No one begrudges the fact that the Boston Red Sox are a money making machine.  They print the stuff.  Sure, it costs a ton to field a really good players, establish and maintain a great farm system, and pay for the duck boats.  Thankfully, we, the fans, buy the merch, we buy the tickets, we throw money away at Foxwoods, drink Coca-Cola, and buy our office supplies at W.B. Mason. I even know a die hard Red Sox fan who throws a brick through his windshield every spring so Giant Glass can take his insurance company’s money. We support John Hancock, we buy Hood ice cream, and drink and eat Dunkin’ Donuts and shop at Cumberland Farms.  Those folks, in turn, chip in a whole bunch of money to cover the ball club’s annual nut. Nat Geo calls it Symbiosis and it’s a win-win deal for everyone, except probably Clay Bucholz. And if we can’t fix Clay, we’ll find us someone who don’t need fixin’.

    So lighten up on Clay. He did his part for the Red Sox. He has a ring on his skinny finger. That he can’t repeat his delivery now isn’t the end of the world.  This season is just a blip on the Red Sox long timeline, soon to be forgotten, exactly when the equipment truck rolls South next Winter.

    Clay, if you are reading this, it would behoove you to throw another no-no if you don’t want to play for Houston, Miami, or the Cubbies next season.  Frankly, with Scherzer, Hamels, Ross, Owens, Kelly, and Lester in our 2015 starting rotation, there isn’t going to be room for you, unless you figure out a repeatable delivery.

    FYI, two good things we’ve learned this year:  One is that Brock Holt is the real deal. He’s a dirt dog winner and can play any position better than whoever is playing that position.  The other thing is that Jackie Bradley is the best defensive outfielder in baseball.  Yes, he needs to learn to bunt and hit better.  But he’s coachable.  He’ll get in the swing of it. Enough with the strike outs, Jack.  But, given his unreal speed and his world class leather, JBJ needs to be in Fenway’s center field green grass for the next ten years.  Even if he can’t hit a lick. But he will.

    So get ready for some damn good Red Sox baseball in 2015. I have faith in our ability to buy about the best team in baseball each and every year. That is not cynicism, it’s what we all expect and happily pay for. Open up the checkbook John, and Red Sox Nation will have something to look forward to, next season, and every season. –   Harry Lipson III, in old Boston Towne.



  • To Hell with Baseball, It’s Almost Football Season

    One week ago tonight I published the post beneath this. The Red Sox had just won five in a row and beaten Toronto 14-1. Fast forward seven days and the Red Sox have lost six of seven and were just beaten, ironically, by Toronto, 14-1. The point being this: The Red Sox have thrown in the towel (to use a boxing metaphor). We are playing out the cards (another damn metaphor) and our season is lost. We are in last place and it is a tough pill to swallow (pharma phrase, I suppose) for fans of the reigning world champions. Hard to believe. Over the past ten seasons, Boston has won 3 World Series, so we can’t win every year. But from best to worst is a fast elevator ride straight down.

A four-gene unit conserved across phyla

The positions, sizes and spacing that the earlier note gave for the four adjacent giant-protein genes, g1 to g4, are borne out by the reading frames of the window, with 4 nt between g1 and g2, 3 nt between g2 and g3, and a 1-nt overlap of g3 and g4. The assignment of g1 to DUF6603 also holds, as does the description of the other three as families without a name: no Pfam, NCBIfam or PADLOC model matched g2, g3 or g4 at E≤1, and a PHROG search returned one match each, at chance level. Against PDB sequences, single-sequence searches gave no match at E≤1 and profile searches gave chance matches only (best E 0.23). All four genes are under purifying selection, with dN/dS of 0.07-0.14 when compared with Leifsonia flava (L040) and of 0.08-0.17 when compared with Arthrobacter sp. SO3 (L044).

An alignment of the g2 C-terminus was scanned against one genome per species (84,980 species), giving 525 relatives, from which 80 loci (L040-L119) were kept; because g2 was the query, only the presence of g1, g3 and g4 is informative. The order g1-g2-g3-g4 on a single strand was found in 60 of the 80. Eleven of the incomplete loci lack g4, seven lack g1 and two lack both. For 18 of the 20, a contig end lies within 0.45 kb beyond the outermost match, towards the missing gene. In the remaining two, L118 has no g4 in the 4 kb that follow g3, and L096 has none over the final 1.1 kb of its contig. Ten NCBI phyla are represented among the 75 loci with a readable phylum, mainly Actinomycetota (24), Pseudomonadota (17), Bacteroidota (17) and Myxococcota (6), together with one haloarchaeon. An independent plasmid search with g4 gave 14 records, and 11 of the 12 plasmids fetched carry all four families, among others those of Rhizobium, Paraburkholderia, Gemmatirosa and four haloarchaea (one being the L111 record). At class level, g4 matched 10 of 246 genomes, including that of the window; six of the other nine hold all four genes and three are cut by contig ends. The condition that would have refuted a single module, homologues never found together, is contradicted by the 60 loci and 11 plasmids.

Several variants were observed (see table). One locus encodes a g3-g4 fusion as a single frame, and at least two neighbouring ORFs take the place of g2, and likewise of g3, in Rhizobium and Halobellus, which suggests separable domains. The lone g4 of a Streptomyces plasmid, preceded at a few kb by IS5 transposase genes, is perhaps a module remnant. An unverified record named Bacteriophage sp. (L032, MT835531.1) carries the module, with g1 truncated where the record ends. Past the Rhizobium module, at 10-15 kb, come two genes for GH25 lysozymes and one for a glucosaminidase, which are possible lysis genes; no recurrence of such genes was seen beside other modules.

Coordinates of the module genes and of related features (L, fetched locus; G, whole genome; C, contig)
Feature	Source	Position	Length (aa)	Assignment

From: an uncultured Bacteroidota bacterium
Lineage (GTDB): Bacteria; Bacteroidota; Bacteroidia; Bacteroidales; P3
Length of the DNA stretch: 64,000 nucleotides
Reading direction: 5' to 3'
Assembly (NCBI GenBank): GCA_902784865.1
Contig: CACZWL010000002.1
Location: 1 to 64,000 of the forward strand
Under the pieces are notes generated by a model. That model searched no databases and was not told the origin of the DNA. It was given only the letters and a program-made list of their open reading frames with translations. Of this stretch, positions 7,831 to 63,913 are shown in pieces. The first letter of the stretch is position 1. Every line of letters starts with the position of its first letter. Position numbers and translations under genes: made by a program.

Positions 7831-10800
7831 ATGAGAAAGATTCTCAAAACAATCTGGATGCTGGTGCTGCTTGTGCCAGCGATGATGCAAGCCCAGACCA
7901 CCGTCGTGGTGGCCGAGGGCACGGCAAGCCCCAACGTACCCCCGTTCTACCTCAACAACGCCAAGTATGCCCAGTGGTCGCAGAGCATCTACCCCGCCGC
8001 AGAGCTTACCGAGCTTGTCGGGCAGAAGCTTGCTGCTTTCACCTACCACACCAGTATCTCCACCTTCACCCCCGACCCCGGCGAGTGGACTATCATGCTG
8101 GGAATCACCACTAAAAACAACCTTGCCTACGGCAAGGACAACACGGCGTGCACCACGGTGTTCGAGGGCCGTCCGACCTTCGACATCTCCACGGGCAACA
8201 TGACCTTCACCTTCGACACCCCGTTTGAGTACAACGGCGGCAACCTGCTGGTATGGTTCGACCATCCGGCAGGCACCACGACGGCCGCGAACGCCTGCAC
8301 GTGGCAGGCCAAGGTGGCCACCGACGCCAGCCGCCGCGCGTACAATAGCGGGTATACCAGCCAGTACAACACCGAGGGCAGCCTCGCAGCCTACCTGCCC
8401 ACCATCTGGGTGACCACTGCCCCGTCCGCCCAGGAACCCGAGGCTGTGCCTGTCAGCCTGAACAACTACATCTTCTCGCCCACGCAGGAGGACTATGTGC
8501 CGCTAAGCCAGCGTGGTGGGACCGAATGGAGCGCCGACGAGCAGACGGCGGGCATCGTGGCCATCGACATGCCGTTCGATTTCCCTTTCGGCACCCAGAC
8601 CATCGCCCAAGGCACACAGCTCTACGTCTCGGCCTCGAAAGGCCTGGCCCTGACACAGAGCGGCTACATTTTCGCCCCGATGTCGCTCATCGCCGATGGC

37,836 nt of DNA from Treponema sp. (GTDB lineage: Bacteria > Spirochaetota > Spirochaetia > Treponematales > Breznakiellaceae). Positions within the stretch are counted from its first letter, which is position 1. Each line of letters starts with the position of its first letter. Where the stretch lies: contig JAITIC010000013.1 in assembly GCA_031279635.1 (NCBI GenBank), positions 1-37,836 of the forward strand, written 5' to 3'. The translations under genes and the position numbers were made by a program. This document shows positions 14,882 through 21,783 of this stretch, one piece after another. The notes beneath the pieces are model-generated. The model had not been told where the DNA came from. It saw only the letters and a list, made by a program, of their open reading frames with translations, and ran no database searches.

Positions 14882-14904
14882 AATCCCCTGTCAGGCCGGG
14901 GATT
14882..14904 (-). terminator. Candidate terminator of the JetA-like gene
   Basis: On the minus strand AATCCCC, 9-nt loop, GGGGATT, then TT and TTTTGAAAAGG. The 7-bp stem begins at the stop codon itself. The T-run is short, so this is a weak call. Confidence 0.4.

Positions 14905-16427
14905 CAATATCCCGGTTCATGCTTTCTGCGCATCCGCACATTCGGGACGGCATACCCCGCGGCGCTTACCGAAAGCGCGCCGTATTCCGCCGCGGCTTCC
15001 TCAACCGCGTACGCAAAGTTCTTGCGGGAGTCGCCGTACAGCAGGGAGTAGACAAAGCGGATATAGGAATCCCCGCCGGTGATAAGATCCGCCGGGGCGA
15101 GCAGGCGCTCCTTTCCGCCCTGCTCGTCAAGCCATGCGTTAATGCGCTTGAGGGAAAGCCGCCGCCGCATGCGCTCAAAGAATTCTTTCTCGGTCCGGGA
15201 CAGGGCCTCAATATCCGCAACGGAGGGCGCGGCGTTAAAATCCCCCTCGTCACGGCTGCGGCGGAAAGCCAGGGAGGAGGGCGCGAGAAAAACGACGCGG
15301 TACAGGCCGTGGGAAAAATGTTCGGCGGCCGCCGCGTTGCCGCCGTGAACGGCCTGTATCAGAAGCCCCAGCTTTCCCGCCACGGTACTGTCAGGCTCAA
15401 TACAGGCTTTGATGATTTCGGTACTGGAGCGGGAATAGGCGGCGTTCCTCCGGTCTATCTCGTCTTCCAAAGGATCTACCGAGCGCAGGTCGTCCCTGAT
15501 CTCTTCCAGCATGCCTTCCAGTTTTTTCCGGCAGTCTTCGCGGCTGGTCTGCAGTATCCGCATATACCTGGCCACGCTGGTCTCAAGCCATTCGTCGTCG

Now, apparently, we are about to trade or sell a number of our players. Ace lefty, Jon Lester, may be sent packing (big mistake) and superstar closer, Koji Uehara, may be available to the high bidder. Some say it will be a “fire sale.” It took us years to assemble this World Series championship team, and the ownership may shake the dice, and blow it all up in the next three days. The MLB trade deadline is Thursday afternoon so we don’t have long to wait to find out who is going and who is staying. For sure it is a lost season. On the other hand, its just a matter of weeks until football season starts.



  • Baseball and Death

    Our Boston Red Sox are surging, finally. As of this update, the Red Sox have won eight of nine games, including five in a row. On the down side, we are still five games under .500, but a week ago, it was a whole lot worse. Maybe the All Star pause was the break we needed. Everybody is hitting now. Last night we scored 14 against Toronto. And our pitching has been rock solid. Koji is still the best closer in all of baseball, Lester and Lackey aren’t giving up many hits, much less runs. Rubby De La Rosa is the real deal, a bonafide major league pitcher. And nobody tries any harder than Jake Peavy. Recently, even Clay Bucholz, streaky and freaky, has been getting the job done nicely. I will also single out Andrew Miller for his excellence out of the bullpen. I call him “Stop Sign;” when he comes in, the other team grinds to a sudden halt.

    Brock Holt. He should win the Rookie of the Year in the A.L. Batting about .330 for the year, he is one of the best lead off hitters of 2014. He could conceivably win the American League batting crown. And what leather! So far this season, Brock has played every position except pitcher and catcher. And he plays them all extraordinarily. Blessed with speed and good reflexes, he is always in position to make a play if the ball is hit in his direction. Of the circus catches Brock has made, a few of them are all world. Brock Holt may be the best position player in baseball this season.

    So we’ll soon see if the Red Sox are going to make a run at defending their World Series title, and I know they are in a hole that will be tough to dig out of. But, you know me, I say why not?

    Other musings: Like everyone else, I don’t have a good answer for the Middle East. I certainly support Israel’s right to defend itself from attacks. They are surely justified, but the loss of civilian life in Palestine only fuels hatred that lasts a lifetime. That Hamas hides its offensive weaponry among the civilian population, makes for grim circumstances. Hamas, a terrorist organization, won legitimacy in Gaza by being elected, by the very people bearing the brunt of the Israeli incursion. I feel for the Palestinians and want them to have statehood and peace. Of course, Israel deserves lasting security within its borders, which must include the West Bank and Jerusalem. The Palestinians deserve a home, just not where Israel now flourishes. And Israel’s neighbors should turn their swords into plowshares and coexist peacefully, every religion respecting the other. I know the map of the Middle East will change as Shia, Sunni, Kurds, and Christians redraw old boundaries. Someday, kingdoms, dictators, and terrorist organizations will lose power and intelligent, reasoned, and compassionate leaders will find voice.